We’ve complained about this in the past—how could the extra information hurt?—but to no avail. You have to look them up on the en route or sectional chart.
Some Details Misunderstood
OK, I am scared again. A recent reader’s letter shows him completely unfamiliar to the process of getting a void-time clearance and release via telephone or radio while still on the ground. This is not good, but two other things really freak me out:
Moving maps or other electronic presentation should never be used to avoid any encounters with granite (as opposed to being on a published route at or above the published altitude).
There’s clearly confusion over the implied but non-existent terrain-avoidance promise of the phrase “radar contact.” Quoting AIM 5-2-8: “NOTE-When used by the controller during departure, the term ‘radar contact’ should not be interpreted as relieving pilots of their responsibility to maintain appropriate terrain and obstruction clearance which may include flying the obstacle DP.”
San Francisco, Calif.
Who Says You Can’t?
Your response in “Unmonitored Usage” (Readback, September 2009 IFR) piqued my interest when you wrote, “The only operational concern is you can’t use the LOC/DME Runway 28L approach for an alternate when you file if it will be unmonitored at your arrival time.”
I’m just curious where that requirement is found. Usually, the NA means that certain approaches are not useable if the Tower is closed. So, if the Tower is open and the monitoring of the navaid fails, but the signal may still working just fine, why not use that airport as an alternate (assuming there are no other restrictions listed in the front of the approach charts)?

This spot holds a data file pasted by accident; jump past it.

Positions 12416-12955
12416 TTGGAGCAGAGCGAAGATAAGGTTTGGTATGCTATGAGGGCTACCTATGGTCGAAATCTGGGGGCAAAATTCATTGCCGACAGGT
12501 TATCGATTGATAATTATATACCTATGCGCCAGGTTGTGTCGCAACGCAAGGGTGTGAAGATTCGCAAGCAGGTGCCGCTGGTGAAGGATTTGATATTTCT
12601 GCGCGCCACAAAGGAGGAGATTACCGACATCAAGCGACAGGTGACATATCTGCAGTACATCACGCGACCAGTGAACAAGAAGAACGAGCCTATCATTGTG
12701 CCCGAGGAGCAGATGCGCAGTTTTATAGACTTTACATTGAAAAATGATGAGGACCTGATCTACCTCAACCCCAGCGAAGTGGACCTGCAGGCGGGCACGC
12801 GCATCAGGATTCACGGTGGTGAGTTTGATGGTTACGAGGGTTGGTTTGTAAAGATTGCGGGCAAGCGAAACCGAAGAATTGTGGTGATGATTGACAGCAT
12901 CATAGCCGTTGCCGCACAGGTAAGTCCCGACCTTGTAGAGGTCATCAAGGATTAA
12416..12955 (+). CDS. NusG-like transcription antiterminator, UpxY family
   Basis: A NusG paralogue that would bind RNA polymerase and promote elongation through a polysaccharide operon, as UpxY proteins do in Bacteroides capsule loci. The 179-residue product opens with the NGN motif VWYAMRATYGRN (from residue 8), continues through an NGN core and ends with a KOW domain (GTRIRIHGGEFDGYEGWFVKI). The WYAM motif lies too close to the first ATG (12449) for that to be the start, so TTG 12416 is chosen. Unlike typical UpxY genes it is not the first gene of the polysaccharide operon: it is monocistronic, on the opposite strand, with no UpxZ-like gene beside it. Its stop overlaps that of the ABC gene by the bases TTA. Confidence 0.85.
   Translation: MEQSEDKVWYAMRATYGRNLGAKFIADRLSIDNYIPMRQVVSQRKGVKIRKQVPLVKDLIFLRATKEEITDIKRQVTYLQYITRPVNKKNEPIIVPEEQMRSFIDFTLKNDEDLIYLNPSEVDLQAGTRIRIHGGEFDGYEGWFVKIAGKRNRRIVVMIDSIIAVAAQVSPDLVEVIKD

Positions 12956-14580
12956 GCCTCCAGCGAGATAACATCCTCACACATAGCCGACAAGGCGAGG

Even if the monitoring is NOTAM’d out, where does the requirement come from that requires a monitored approach to be able to be filed as an alternate? I get the NA requirement (which has to do with monitoring and weather), but not the requirement for monitoring when the NA doesn’t apply.
Geez, I hope I asked this plainly enough. Your excellent magazine is used over and over in our safety meetings and round-table discussions. It keeps us sharp, and we need it.
As you pointed out, NA for use as an alternate usually means that weather reporting isn’t available or that the navaid for that approach isn’t monitored. It’s really a TERPS requirement that the navaid be monitored.
So, if a navaid was NOTAM’d out and that navaid was primary for the approach you were using to file as an alternate, you would be doing something that isn’t allowed by the rules that govern how approaches are charted. That’s not a cut-and-dry FAR violation. Maybe it would fall under the “all available information” clause. Maybe.
Real-world, it makes little practical difference because the rule is only about filing an alternate. You could still use any airport as a real alternate and fly any approach you’re equipped for. Just realize that if there’s no monitoring, you may not find out the navaid is offline until you’re trying to tune the localizer and get nothing but a fail flag.
Beautiful job on the color for the new IFR! It’s tasteful and well-done. Even the cartoons benefit! I agree that the GPS screens and maps are much easier to understand. I also like the re-do of the IFR logo!
Thanks, Elliot; and thanks to all the rest of you who commented favorably on the color. We’ll do our best to make the most of it. Drop us a line to let us know how we’re doing or post your IFR query. The best way to get us is via the interweb at firstname.lastname@example.org